This resource also draws on the findings of a systematic review conducted by Sartore and colleagues (2021) titled Peer support interventions for parents and carers of children with complex needs. This study was published in the Cochrane Database of Systematic Reviews on 20 December 2021. The systematic review included randomised and cluster randomised controlled trials (RCTs) and quasi‐RCTs involving parents and other family carers of children with complex needs. Complex needs were defined in the broadest possible terms with no restrictions.
Further reading and resources
- MyTime is a free peer support group for parents and carers of children with disability or other additional needs. Parents can meet others with similar experiences with a trained facilitator present.
- Carer Gateway is an Australian Government program providing free services and support for carers, including opportunities to attend in-person peer support groups or join moderated online community forums.
- This information page, from the Association for Children with a Disability, provides links to playgroups, service coordination support, peer support, podcasts, multicultural support groups and disability specific organisations.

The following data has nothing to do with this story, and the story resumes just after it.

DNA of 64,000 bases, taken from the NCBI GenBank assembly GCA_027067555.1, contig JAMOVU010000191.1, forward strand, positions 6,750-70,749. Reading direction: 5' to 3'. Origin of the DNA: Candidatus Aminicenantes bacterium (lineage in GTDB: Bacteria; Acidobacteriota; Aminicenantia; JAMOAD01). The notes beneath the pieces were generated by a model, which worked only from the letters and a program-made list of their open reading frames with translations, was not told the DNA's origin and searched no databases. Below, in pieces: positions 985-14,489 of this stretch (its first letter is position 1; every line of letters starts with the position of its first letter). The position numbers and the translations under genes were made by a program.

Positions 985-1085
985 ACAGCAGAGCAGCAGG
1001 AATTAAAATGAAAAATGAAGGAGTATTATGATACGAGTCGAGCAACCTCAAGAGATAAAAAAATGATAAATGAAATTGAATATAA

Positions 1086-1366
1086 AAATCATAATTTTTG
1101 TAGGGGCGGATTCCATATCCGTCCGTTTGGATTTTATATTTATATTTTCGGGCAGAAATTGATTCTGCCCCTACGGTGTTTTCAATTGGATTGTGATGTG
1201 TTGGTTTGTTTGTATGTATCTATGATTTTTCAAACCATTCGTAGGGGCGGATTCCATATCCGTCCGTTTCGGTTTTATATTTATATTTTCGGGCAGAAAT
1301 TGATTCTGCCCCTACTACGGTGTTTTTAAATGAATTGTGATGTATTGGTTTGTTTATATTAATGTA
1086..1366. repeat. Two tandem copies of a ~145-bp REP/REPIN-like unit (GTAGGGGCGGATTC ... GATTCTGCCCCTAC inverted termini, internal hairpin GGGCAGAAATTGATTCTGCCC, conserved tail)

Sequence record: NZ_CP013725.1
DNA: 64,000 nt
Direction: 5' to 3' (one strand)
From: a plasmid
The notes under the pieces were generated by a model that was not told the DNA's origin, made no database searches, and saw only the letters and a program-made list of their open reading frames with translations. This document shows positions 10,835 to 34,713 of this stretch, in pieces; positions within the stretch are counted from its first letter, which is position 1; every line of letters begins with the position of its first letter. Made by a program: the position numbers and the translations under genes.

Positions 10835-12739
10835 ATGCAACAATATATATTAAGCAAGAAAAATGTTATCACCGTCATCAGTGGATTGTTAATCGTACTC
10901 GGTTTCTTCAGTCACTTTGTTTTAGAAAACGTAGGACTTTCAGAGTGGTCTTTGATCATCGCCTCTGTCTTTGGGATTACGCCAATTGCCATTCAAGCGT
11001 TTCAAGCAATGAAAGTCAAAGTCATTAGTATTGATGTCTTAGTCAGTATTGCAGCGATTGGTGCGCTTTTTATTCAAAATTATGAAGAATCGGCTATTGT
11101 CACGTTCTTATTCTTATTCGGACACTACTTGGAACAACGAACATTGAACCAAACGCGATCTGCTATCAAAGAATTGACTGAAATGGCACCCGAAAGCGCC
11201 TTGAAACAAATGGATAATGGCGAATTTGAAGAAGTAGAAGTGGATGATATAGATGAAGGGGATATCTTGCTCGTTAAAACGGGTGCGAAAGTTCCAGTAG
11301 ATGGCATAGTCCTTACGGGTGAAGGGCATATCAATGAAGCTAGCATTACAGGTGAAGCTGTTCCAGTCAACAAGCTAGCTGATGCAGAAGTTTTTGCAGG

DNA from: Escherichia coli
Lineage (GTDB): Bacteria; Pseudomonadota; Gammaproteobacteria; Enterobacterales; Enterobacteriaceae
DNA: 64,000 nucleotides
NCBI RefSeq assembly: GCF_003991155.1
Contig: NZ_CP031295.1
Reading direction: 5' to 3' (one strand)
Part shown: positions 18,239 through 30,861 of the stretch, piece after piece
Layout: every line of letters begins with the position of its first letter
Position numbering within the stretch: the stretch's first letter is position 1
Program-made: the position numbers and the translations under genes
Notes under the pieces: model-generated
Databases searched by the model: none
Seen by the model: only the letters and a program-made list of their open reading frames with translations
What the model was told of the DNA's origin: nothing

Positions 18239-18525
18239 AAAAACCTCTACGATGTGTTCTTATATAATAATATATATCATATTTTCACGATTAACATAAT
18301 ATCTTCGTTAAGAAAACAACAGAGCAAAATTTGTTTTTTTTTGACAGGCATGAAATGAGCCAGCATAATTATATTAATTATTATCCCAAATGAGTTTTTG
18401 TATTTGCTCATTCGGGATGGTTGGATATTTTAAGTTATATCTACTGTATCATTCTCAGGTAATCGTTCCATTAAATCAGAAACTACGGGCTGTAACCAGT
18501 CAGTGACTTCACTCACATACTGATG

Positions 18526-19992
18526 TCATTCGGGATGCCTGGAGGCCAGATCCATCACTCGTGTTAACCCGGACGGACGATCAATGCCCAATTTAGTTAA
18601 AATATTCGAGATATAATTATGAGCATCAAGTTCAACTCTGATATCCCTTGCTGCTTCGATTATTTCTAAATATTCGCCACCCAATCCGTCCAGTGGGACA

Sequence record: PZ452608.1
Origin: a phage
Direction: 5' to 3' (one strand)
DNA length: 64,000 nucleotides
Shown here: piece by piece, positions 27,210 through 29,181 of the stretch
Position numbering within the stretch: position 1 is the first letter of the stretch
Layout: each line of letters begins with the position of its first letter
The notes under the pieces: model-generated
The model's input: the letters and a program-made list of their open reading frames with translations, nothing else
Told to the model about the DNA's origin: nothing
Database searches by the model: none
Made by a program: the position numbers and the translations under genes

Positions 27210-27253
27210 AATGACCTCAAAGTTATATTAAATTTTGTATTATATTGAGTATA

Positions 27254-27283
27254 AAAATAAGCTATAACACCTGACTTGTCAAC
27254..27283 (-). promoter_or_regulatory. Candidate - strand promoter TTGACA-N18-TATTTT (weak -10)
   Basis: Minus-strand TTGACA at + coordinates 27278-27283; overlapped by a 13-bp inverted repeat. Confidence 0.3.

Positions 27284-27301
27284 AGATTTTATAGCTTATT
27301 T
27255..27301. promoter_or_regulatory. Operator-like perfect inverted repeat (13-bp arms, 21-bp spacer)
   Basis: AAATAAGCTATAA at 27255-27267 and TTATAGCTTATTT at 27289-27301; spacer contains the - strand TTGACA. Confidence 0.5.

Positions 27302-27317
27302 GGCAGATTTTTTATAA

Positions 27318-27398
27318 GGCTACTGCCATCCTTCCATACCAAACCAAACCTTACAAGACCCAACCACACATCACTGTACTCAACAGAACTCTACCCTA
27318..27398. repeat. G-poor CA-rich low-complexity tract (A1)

- This list of organisations and resources, from the Centre for Excellence in Child and Family Welfare, provides links to parent and carer support groups and disability advocacy organisations.
- This guide, from AIFS Evidence and Evaluation Support, provides information and templates for practitioners developing an evaluation plan for a program or service for children and families.
Dew, A., Collings, S., Dowse, L., Meltzer, A., & Smith, L. (2019). ‘I don’t feel like I’m in this on my own’: Peer support for mothers of children with intellectual disability and challenging behaviour. Journal of Intellectual Disabilities, 23(3), 344–358. doi.org/10.1177/1744629519843012
Meltzer, A., Dowse, L., Smith, L., & Dew, A. (2020). A framework for interconnected benefits of peer support for family members of people with disability. Australian Journal of Social Issues, 56, 579–595. doi:10.1002/ajs4.130
Sartore, G. M., Pourliakas, A., & Lagioia, V. (2021). Peer support interventions for parents and carers of children with complex needs. The Cochrane Database of Systematic Reviews, 12(12), CD010618. doi.org/10.1002/14651858.CD010618.pub2
Cat Strawa works in the Child Family Community Australia team at the Australian Institute for Family Studies (AIFS).
Dr Gina-Maree Sartore is a Senior Research Specialist at the Parenting Research Centre.